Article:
Arts

Paloma Faith: Three sips of Guinness and I'd be drunk

Ahead of her futuristically tinged forthcoming arena tour, Paloma Faith chats to Jenny Lee about humanity, compassion, politics, enthusiastic Irish audiences and nursery rhymes

Paloma Faith is looking forward to bringing her new tour to Belfast and Dublin this March

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HAVING landed in Dublin two hours previously, I started our chat by asking Paloma Faith if she had a chance to have a Guinness yet? "No, I wouldn't go on stage drunk. It takes me about three sips and I would be drunk," she chuckled.

Despite this comment and her reputation as being one of pop's most flamboyant and outspoken songstresses, the Londoner has demonstrated a more grown-up attitude over the past year.

Now a mum, Paloma admits that motherhood has changed her "as a person". Although the only British female artist, apart from Adele, to have her last three albums go double platinum, Paloma's latest album, The Architect, was the first to secure her a number one record.

Featuring an opening statement from Samuel L Jackson and an appearance from left-wing commentator Owen Jones, the album certainly marked a change in direction for the 36-year-old.

While the music is still classic Paloma, with a mix of orchestral tracks, soul, disco and electro pop, gone are the love songs and instead is a philosophical socio-political commentary on the state of our world, with references to climate change, the refugee crisis, inequality, technology and motherhood.

Overall Paloma describes The Architect as a record of "hope", about "kindness, empathy and compassion". Her favourite song is the title track, which she believes summarises the entire record.

"It’s about the world complaining to humanity and so all the subjects fit under that umbrella. She is talking about her response to climate change and things like that. She is talking about her disappointment in humanity for her children."

It's an album inspired by her becoming a mother but deeply rooted in her upbringing in London borough of Hackney.

"I was brought up in a household where were social politics were really important. I was raised on the protest trail of anti-Thatcher Britain, listening to the music of Marvin Gaye, Aretha Franklin and other protest singers. That's been engrained in me, so these songs don't seem like a new thing to me – it's quite inevitable. In my first three albums, I almost felt a little bit guilty and like a traitor doing what I was doing."

Her next single, Til I'm Done, will be released next Friday. In the disco-funk driven track Paloma sings about her independence and strength – something she has found has grown during her first 14 months of parenthood.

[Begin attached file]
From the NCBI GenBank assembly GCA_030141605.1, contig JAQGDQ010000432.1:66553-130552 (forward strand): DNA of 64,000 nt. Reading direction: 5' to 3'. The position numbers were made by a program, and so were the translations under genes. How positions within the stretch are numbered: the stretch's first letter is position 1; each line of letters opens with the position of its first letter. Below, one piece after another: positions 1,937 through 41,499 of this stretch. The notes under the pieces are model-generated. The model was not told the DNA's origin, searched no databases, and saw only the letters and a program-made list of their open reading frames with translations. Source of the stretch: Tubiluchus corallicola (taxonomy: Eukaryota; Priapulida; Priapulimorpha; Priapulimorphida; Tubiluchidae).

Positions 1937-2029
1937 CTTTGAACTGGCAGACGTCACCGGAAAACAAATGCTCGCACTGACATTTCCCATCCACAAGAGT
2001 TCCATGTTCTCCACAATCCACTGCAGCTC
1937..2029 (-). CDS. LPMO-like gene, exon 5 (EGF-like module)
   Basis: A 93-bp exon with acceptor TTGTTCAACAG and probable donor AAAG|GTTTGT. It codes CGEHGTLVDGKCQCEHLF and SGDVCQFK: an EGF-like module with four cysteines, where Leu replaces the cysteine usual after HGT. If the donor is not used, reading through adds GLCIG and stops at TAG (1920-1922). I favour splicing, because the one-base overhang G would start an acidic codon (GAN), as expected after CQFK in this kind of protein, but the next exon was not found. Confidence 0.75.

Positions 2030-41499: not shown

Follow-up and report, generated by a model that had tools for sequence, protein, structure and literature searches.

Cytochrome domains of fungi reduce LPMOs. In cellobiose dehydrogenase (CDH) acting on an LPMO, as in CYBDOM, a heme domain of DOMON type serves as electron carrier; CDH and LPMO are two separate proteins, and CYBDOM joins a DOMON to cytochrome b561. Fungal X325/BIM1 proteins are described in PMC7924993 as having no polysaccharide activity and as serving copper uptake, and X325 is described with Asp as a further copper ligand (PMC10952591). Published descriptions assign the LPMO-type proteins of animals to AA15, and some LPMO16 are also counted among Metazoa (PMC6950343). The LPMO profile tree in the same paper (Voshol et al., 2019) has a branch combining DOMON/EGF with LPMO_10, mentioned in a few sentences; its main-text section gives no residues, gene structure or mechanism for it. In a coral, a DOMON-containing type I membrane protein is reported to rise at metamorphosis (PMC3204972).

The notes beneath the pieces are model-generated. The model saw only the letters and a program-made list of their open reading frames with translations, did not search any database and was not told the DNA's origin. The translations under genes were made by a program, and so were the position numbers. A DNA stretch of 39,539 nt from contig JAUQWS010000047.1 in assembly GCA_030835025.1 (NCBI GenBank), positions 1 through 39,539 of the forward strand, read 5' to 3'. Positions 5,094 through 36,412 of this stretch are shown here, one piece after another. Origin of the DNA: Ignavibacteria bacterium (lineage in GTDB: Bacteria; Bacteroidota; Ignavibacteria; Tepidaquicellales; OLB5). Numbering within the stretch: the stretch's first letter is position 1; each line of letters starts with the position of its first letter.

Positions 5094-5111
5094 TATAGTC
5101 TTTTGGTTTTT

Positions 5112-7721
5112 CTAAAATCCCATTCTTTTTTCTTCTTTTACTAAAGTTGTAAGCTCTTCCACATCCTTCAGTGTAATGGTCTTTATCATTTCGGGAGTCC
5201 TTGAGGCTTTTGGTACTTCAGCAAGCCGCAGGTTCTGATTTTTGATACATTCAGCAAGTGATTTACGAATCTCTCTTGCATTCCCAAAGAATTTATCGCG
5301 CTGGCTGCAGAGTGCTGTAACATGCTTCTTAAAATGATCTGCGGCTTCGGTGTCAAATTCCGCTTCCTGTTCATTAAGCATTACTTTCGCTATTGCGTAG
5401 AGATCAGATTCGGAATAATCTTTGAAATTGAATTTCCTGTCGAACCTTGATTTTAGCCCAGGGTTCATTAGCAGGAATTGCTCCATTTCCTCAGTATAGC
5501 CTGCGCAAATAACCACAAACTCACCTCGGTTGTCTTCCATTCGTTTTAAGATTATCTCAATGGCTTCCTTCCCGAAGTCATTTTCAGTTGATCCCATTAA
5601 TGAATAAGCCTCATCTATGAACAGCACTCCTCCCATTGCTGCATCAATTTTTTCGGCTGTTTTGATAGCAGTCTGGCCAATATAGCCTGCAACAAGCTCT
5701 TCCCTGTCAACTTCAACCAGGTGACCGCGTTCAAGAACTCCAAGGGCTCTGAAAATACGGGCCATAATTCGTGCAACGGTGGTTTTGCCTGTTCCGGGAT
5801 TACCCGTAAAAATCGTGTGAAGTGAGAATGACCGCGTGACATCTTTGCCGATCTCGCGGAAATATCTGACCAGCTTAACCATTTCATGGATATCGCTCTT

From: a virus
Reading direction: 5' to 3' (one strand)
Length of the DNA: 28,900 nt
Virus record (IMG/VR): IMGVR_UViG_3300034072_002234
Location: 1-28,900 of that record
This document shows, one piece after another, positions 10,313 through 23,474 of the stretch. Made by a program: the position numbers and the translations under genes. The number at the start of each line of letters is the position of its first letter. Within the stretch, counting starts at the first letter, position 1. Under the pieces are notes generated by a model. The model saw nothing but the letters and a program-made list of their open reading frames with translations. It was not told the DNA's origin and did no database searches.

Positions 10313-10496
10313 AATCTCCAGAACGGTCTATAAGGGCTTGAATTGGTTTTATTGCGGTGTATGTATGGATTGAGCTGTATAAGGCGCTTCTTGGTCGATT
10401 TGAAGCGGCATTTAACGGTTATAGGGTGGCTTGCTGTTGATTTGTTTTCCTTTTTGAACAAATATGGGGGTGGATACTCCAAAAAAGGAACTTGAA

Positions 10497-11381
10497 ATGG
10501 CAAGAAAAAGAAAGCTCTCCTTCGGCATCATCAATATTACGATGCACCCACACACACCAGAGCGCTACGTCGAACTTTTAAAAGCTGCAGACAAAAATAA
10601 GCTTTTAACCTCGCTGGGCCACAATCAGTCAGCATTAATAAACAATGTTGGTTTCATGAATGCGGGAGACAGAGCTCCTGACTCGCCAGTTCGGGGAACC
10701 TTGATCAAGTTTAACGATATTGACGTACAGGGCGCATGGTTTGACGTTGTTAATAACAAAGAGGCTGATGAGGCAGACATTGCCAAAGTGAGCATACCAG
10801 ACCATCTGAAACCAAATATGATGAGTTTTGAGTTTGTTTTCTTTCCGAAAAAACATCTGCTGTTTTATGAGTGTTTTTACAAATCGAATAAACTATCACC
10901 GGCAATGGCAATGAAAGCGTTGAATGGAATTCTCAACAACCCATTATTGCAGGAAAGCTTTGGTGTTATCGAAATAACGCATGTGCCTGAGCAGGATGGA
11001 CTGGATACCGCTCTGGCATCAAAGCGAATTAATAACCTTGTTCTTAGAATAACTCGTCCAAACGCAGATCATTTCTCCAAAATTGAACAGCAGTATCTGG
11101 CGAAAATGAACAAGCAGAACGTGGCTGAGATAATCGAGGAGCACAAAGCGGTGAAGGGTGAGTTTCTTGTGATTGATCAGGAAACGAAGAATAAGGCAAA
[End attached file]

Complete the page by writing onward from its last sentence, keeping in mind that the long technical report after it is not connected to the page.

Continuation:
"It hard to take the different hats off when you work. There is no 10-minute break to get used to being home – it's just straight into putting on your mum hat. There is no peace. The other day I took a picture of both my boyfriend and baby sitting starring at me whilst I was trying to have a poo.

"But what has been amazing is realising the extent of my own strength and capabilities, which I believe comes from my capacity for love having grown. At the beginning, first time, I was scared I wouldn't be able to cope. I was raised by a single parent mother and I always thought of her as a bit of a hero and I feel I'm now emulating that myself, even though I'm not a single parent.

"Women are highly capable and if anything I feel I'm much more determined and am working harder than ever before. And I don't procrastinate any more," adds Paloma, who has been with her French artist partner Leyman Lahcine for four years.

Over recent months Paloma has sparked a media debate about refusing to name the gender of her child. However, while she believes in the importance of children playing with gender-neutral toys to develop their empathy and resilience, she stresses she would only be referring to her firstborn as 'they' in public in order to protect their privacy.

Alongside the dolls and cars, her baby's favourite thing, predictably perhaps, is music.

"I think all babies love singing. To be honest they prefer it when you sing softly and are not doing a performance, because it’s more intimate." As for their favourite song? "Twinkle, Twinkle Little Star," she laughs.

Paloma is looking forward to a busy few weeks ahead. Nominated for a BRIT Award for British Female Solo Artist – an award she won in 2015 – March sees her take to the road. She says her arena tour, which plays Belfast's SSE Arena and Dublin's 3Arena, will be "futuristically tinged", just like her music video for Crybaby was.

"I'm trying to do something a bit more in keeping with the theme of the album, based much more about the present and the future, than in previous records," adds Paloma, who is delighted to be ended the tour in Ireland.

"In my memory, my favourite audiences have always been Scottish and Irish because culturally there is a similarity there and they both know how to have a really good time. It’s not pretend – it feels genuine. There’s nothing better as a performer than to be in front of that. People think you just naturally bounce off the walls, but it’s really hard to do if no-one is doing it back. So in Ireland and Scotland I always feel the enthusiasm."

And when it comes to future collaborations, top of her list is Irish singer Imelda May.

:: Paloma Faith, with special guest XamVolo, plays Belfast's SSE Arena on March 23 and Dublin's 3Arena on March 24. Tickets from ticketmaster.ie

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